About the Conference

“To inspire, educate and motivate aspiring and experienced writers alike” has been the goal of the Surrey International Writers’ Conference since its humble beginnings. It is a goal that everyone involved with the conference today continues to embrace.

The Surrey Writers' Conference began in 1993 as the brainchild of Ed Griffin, Ursula Maxwell-Lewis, Carol Monaghan and Surrey Continuing Education Principal Elisa Carlson. Ed had attended the Pacific Northwest Writers’ Conference in Washington State and passionately wanted a similar event in Surrey . Ed had previously established the Creative Writing Diploma Program through the Surrey School Board’s Continuing Education department. A Surrey Writers’ Conference seemed the natural way to grow. Ed drafted a proposal and presented it to Elisa, who in turn went to bat for sponsorship from the Surrey School Board, again under the banner of Continuing Education. This was not the type of event the School Board usually sponsored, but they too saw potential for such an event and agreed.

The first Surrey Writers’ Conference took place at Johnson Heights Secondary School and was attended by just over 100 people. The organizers considered it a success and began planning for an even bigger and better conference the following year. Ursula Maxwell-Lewis suggested holding the second Surrey Writers’ Conference at the Sheraton Guildford Hotel, which was subsequently arranged. The second conference also featured best-selling author Maeve Binchey as a keynote speaker, arranged in cooperation with the Vancouver Writers’ Festival. The Surrey Writers Conference continued to grow in its third year but really took off in its fourth year when Diana Gabaldon contacted the organizers through a web information group. She liked what the conference was attempting to accomplish and has remained its champion ever since, as have many other best-selling authors and noted editors and agents across North America and beyond.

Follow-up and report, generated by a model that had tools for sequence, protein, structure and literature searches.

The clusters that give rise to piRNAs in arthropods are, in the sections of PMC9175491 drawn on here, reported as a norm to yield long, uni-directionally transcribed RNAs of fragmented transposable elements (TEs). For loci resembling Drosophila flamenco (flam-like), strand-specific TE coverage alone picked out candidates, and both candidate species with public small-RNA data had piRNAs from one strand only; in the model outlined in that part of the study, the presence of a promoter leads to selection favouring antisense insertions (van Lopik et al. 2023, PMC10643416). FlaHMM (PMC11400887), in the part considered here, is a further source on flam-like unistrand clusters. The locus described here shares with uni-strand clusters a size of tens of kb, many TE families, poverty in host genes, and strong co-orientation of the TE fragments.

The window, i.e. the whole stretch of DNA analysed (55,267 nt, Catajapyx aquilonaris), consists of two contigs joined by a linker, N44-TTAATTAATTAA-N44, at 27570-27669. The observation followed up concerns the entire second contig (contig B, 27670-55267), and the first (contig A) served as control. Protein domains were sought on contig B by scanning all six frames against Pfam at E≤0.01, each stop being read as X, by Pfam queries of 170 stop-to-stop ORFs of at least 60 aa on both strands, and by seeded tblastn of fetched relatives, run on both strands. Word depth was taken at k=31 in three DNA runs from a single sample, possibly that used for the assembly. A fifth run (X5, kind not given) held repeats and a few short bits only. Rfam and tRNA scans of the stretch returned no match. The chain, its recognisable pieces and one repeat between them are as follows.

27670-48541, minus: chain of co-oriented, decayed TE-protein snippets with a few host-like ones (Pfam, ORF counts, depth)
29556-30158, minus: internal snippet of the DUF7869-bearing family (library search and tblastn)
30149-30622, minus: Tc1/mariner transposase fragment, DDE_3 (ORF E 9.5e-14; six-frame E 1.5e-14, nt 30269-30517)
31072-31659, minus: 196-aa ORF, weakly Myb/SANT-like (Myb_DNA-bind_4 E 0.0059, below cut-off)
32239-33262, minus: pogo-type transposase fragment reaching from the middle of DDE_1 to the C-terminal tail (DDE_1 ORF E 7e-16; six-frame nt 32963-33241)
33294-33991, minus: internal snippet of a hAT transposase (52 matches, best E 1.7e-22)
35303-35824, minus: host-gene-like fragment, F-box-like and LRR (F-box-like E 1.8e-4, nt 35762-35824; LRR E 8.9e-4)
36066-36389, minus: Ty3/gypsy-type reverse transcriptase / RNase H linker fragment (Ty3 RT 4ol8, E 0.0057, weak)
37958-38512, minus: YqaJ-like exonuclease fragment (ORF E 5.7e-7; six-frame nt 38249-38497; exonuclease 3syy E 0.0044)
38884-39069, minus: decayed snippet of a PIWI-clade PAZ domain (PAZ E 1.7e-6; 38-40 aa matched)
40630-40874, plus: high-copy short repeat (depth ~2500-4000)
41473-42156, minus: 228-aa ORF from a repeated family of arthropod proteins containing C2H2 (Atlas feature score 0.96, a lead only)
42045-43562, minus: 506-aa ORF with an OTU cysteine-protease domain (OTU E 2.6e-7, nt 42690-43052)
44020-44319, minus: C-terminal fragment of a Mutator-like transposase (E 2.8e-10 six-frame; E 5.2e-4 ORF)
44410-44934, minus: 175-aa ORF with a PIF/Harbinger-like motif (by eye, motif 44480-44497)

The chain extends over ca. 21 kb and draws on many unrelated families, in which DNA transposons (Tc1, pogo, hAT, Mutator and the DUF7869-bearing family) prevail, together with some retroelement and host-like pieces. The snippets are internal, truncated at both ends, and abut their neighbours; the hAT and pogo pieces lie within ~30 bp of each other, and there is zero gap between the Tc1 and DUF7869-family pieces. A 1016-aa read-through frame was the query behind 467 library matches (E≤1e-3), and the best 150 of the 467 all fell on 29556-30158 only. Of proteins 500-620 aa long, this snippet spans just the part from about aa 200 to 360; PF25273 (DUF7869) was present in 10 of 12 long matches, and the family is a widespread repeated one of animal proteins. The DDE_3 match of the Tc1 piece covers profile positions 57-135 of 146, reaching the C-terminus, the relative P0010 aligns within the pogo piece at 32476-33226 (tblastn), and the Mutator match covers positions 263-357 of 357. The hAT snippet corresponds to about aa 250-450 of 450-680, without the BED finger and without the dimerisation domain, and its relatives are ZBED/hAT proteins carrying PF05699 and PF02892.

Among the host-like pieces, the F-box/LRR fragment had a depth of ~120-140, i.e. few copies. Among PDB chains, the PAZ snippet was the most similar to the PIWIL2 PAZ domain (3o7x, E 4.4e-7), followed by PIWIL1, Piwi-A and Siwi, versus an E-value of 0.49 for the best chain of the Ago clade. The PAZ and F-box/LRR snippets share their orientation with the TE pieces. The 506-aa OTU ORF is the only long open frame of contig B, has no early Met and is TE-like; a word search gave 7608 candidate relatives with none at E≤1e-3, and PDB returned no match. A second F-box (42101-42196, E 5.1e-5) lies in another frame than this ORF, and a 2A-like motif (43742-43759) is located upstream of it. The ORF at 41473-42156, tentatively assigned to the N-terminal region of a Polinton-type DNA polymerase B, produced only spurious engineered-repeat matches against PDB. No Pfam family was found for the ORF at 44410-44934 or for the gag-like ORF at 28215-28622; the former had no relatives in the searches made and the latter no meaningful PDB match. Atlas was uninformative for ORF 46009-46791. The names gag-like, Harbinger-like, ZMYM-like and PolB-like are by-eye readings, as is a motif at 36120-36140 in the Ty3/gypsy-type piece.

In the years that followed, the Surrey Writers’ Conference continued to grow into the event it is today. Each year the conference attendance grew by 50-100 attendees. Extra days were added. In 1997, the 5th conference assumed the three-day format of Friday, Saturday and a half-day Sunday. In 2001, the 9th conference saw the addition of Thursdays as a pre-conference day of Master Classes. On the 10th anniversary of the conference in 2002, the amazing growth and reach of the conference was recognized by including ‘international’ in the official title to become the Surrey International Writers’ Conference. Presenters have come from as far away as Japan and Scotland while attendees hail from as far away as South America and Europe . In 2003, the 11th conference saw attendance numbers climb for both the Master classes and the 3-day conference that featured over 70 workshops conducted by over 40 presenters including best-selling authors Diana Gabaldon, Anne Perry, Terry Brooks, Jack Whyte, John Saul, and Susan Musgrave. Every year the conference continues to enjoy exciting changes and wonderful new people.

For many years the SiWC operated as an extension of the Surrey School District’s Continuing Education department. In 2011 it became independent, now operating as a registered not-for-profit society. The conference is planned, organized and run by a volunteer board, a conference coordinator and an administrative coordinator. There are also a number of volunteer conference assistants who take on various tasks throughout the year and many amazing and loyal volunteers who help during the conference itself. The Surrey International Writers’ Conference has been called the best writers’ conference in North America by presenters and participants alike.